Investment officeOctober 7 2020

Investment Management Update: Lessons from Iran – what happens to equities when the money supply goes out of control?

3 mins read

Oliver Smith

Investment Director

In 2020 asset prices have been supported by widespread money creation. This has staved off a worse economic collapse, but raises the prospect of an inflationary outlook. Iran offers an interesting case study on what can happen to equity markets.

Conventional central bank policy has always used interest rates as a tool to steer economic activity; raising rates to cool an economy, and cutting rates to encourage lending and economic growth. By controlling the supply of money, policy makers have historically been able to smooth the economic cycle and shape asset prices.

In 2020 we have seen this taken to extremes. Interest rates have been cut to near zero, corporate bonds are being systematically purchased to lower company re-financing costs and the consumer has benefitted from direct cash transfers through furloughing schemes and generous unemployment benefits. By August, the US money supply as measured by M2, increased by +23.3% year on year.  

To date this has not increased inflation, due to collapsing demand from the virus pandemic. Yet with elevated savings rates, prospects of further direct financial transfers into the pockets of consumers and government spending on infrastructure projects anticipated to rise sharply, the money supply and central bank balance sheets could continue to expand at a fast rate.

Consequently more and more investors are expressing genuine concern about the future purchasing power of their investments, and the knock on impact on equity and fixed income markets. While it is not our base case that authorities in developed markets lose control of the money supply, in a slightly dystopian future, it’s not an impossibility and emerging markets can offer us a clue as to what might happen.

The Iranian experience

Between 1998 and 2013 the Iranian stock exchange experienced a most extraordinary bull market, multiplying in value by 54 times. A 2014 academic paper Response of Stock Markets to Monetary Policy: The Tehran Stock Market Perspective attempted to work out what had been the main drivers behind this. In the paper they highlighted the importance of a falling exchange rate, rising inflation and the money supply, which all combined to drive the index higher.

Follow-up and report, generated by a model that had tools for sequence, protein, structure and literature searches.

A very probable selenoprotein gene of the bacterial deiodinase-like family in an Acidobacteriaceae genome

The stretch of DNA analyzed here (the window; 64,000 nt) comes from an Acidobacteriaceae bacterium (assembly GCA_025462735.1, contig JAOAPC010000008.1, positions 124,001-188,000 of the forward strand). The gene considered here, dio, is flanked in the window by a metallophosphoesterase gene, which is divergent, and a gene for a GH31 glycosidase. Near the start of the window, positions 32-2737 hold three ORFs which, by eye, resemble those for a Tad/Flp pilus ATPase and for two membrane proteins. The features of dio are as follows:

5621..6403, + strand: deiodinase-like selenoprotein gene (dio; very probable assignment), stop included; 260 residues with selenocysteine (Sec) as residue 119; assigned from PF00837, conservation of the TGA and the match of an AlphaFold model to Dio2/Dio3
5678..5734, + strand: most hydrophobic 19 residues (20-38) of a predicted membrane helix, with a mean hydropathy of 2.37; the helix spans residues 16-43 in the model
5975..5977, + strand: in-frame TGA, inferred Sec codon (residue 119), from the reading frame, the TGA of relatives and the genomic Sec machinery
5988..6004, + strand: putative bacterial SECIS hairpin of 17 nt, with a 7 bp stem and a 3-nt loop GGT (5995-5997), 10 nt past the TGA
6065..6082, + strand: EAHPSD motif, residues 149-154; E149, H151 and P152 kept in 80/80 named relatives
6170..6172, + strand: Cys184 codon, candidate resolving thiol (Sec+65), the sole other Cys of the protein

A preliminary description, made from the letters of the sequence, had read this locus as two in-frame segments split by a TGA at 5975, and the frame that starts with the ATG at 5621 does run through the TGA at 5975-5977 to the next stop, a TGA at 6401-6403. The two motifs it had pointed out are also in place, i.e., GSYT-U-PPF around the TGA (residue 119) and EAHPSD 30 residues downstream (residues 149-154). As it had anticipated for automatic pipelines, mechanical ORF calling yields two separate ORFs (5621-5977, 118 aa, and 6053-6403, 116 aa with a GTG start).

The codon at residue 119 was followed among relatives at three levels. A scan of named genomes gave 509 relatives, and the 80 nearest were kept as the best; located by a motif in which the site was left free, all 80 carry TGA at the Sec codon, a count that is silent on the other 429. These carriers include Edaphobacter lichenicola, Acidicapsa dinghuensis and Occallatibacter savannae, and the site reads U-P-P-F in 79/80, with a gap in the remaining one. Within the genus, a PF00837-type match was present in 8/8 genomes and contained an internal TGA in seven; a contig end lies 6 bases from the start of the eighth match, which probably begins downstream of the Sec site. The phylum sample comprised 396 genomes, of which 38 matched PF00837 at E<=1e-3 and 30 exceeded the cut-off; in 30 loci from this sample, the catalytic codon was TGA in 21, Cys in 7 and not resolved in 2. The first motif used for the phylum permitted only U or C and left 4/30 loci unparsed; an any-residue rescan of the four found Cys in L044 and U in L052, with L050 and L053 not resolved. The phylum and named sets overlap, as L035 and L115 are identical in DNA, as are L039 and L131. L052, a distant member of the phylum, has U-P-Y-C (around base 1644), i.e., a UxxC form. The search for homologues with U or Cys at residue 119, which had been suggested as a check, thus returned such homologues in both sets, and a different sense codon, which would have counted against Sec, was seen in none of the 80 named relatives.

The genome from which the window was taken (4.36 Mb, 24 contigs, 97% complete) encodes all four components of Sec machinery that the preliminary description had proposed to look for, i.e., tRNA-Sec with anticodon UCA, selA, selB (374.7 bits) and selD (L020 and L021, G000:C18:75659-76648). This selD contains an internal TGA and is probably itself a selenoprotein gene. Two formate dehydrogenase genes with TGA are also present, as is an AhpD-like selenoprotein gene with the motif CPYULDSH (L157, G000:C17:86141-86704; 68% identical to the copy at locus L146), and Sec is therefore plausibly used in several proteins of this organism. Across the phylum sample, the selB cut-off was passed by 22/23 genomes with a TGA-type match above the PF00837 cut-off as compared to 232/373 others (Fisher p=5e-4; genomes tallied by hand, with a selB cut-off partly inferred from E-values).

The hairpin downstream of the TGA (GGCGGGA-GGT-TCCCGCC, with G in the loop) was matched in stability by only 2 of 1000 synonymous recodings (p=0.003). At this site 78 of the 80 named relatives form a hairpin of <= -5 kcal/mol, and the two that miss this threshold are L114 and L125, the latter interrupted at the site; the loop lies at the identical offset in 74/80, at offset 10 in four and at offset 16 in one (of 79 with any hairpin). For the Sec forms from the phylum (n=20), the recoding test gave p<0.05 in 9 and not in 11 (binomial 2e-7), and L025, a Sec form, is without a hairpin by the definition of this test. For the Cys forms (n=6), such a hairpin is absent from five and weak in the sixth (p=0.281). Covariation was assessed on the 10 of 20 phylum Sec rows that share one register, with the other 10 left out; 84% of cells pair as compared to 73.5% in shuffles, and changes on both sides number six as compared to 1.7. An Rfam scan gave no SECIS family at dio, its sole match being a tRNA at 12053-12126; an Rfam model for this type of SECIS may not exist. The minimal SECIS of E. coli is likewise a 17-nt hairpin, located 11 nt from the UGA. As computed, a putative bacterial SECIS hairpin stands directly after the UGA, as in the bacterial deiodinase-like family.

Over the time period, the monetary base increased by a factor of 18 due to government subsidies and cash handouts designed to offset the negative impact of US sanctions; cash which, like today, found its way into risk assets.

The authors found that a change in the monetary base leads to “strictly significant and positive values” in the stock market. Furthermore substantially increasing the money supply causes 1) increased economic activity, 2) portfolio shifts from bonds to equities, and 3) shifting inflation expectations.

With the benefit of hindsight, and some knowledge of behavioural economics, it’s not all that difficult to see why this might be the case. The prospects of rising inflation eroding your capital should elicit more economic activity, while portfolio asset allocations will change in the face of higher inflation. If you started 1998 with a 50% holding in fixed income, it’s unlikely that you would look to end 2013 with the same portfolio mix. When there is no alternative, a higher allocation to the more volatile equity market can offer better inflation protection in the long run.

This brings us neatly to the present day, and another challenging backdrop for Iranian investors. Coronavirus, a low oil price and threats of economic sanctions have seen annual inflation rise to 34% (Source: Trading Economics) and the black market value of the currency drop by more than fifty percent against the dollar. All bad news in theory for the stock market, yet a return of 290% (down from +400% in August) suggests otherwise.

So where does all this leave us? Looking ahead to 2021, we see further increases in the money supply providing some support for equity markets and risk assets in general. Nevertheless, with the US elections, Brexit negotiations and the ripple of virus containment measures, the recent market volatility experienced in September should be expected to continue and rebalancing portfolios back to their target weights will grow in importance.